Sunday, January 24, 2021

When microeconomics is not about shopping

I finished yesterday a 6-day course, with 6 hours per day (with two pauses per session) of online teaching, on Applied Microeconomics. It was physically exhausting but rewarding and fun. It is a graduate course I have been teaching for some years now, and in the recent past I have adapted it for a one week intensive experience in Cali (Colombia). But this time I couldn't go there, so we did it from home. Since it was with a small group of five Colombian students, it turned out to be a great experience for me, and I believe also for the students. Virtual courses, from my short experience, work well either if the group is small or if the material is very good. My undergraduate virtual course on Introductory Economics for political science students was good thanks to the CORE material, and this graduate course worked well because the group was small.The contents of the course have been evolving since I started teaching it more than 10 years ago. Now I concentrate the neoclassical models of consumption and production in the first of six chapters. The second is about welfare economics, the third is an introduction to game theory, the fourth about social choice and political economy, the fifth about organizations (this was new this time), and the sixth about behavioral economics. In exercises and examples in welfare economics and game theory, I also teach them the basic Industrial Organization models. Everything with empirical or overview papers presented by the students themselves. Some of them told me that they didn't expect microeconomics to be this. I think they were positively surprised to see empirical applications, discussions about inequality, organizational failures, bounded rationality or climate change and the pandemic.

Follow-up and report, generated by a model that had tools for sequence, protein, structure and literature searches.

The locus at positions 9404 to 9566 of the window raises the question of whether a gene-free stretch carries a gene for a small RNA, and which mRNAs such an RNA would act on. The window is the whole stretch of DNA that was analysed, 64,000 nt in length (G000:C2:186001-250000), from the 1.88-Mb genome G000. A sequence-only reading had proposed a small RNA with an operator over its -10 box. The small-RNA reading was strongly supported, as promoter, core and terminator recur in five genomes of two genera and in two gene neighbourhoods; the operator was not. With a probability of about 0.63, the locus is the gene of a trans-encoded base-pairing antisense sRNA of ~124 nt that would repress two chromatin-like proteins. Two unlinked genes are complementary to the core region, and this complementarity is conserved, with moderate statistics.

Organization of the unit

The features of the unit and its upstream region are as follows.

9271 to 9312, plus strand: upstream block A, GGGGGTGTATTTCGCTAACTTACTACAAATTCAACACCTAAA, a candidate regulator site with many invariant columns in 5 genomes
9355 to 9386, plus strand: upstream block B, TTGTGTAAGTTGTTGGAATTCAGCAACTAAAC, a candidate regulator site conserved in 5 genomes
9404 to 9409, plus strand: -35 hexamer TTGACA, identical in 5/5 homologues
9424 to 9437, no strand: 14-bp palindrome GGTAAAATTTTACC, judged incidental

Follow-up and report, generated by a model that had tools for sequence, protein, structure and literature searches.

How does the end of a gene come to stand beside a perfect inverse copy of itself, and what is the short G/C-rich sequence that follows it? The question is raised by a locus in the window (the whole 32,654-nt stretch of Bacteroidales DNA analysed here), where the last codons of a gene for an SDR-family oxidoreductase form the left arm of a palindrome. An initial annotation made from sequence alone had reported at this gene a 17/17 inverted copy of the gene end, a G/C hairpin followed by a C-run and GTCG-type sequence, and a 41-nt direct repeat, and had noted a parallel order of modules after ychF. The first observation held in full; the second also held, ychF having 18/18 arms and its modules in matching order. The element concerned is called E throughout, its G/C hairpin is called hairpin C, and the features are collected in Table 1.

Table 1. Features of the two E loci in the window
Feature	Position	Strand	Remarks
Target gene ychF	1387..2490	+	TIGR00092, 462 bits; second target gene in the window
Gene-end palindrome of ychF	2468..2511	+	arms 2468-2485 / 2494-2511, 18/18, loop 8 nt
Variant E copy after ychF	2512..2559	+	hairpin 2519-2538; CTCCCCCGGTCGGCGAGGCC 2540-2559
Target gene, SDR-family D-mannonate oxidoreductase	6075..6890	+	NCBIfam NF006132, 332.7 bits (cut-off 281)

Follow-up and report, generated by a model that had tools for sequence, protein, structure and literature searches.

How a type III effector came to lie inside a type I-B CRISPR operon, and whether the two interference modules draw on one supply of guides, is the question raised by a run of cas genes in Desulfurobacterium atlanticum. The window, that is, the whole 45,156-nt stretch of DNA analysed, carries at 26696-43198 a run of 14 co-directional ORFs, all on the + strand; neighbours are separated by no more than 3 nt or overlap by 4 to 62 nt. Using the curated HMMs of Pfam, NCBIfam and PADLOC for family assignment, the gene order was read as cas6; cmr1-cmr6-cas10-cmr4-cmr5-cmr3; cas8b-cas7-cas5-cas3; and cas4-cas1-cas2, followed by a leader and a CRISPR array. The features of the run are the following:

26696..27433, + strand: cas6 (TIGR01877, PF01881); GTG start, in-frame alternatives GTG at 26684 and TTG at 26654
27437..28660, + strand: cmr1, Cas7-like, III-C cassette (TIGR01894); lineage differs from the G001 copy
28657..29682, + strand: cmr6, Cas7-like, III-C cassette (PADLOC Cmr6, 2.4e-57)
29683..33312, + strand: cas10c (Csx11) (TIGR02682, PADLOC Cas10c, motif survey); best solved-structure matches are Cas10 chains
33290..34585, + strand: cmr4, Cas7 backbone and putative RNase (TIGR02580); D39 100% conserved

When microeconomics goes beyond supply and demand is really when students can enjoy it and see its relevance for today's human problems and challenges.The students were very active in the discussion linking organizational failures to the literature on multidimensional incentives. They gave very good examples from their experience in Colombia about incentives backfiring. The problem is not that incentives are not effective, but that they may be too effective. The examples they gave about a variety of organizations in their country (including the army) fit very well with the cases discussed in the paper by Garicano and Rayo that they had to read. They made additional contributions to the list of organizational failures of these authors, for example talking about toxic relationships inside organizations, and the difficulties of designing and planning for the very small firms that dominate the Colombian economy. For them, trial and error is of the essence.

Sunday, January 17, 2021

Can capitalism be fair?

Case and Deaton write, at the end of their book “Deaths of Despair” (2020), that “Capitalism is an immensely powerful force for progress and for good, but it needs to serve people and not have people serve it”. And that “the fundamental problem is unfairness, that the great wealth at the top is seen as ill-gotten in a system that gives no chance to many. We argue that limiting rent-seeking and reducing plunder will rein in the rich and reduce unfair top incomes without high taxes on income or wealth that is widely seen as fairly earned.”

Capitalism is an economic system characterized according to “The Economy” (CORE Project) by the following specific institutions: markets, private property and firms (where the people who own capital goods make decisions). It follows that the power relationship between people who own capital and workers in the company is a key part of the capitalist economic system and, to the extent that workers are a large majority, one of its main sources of unfair inequality.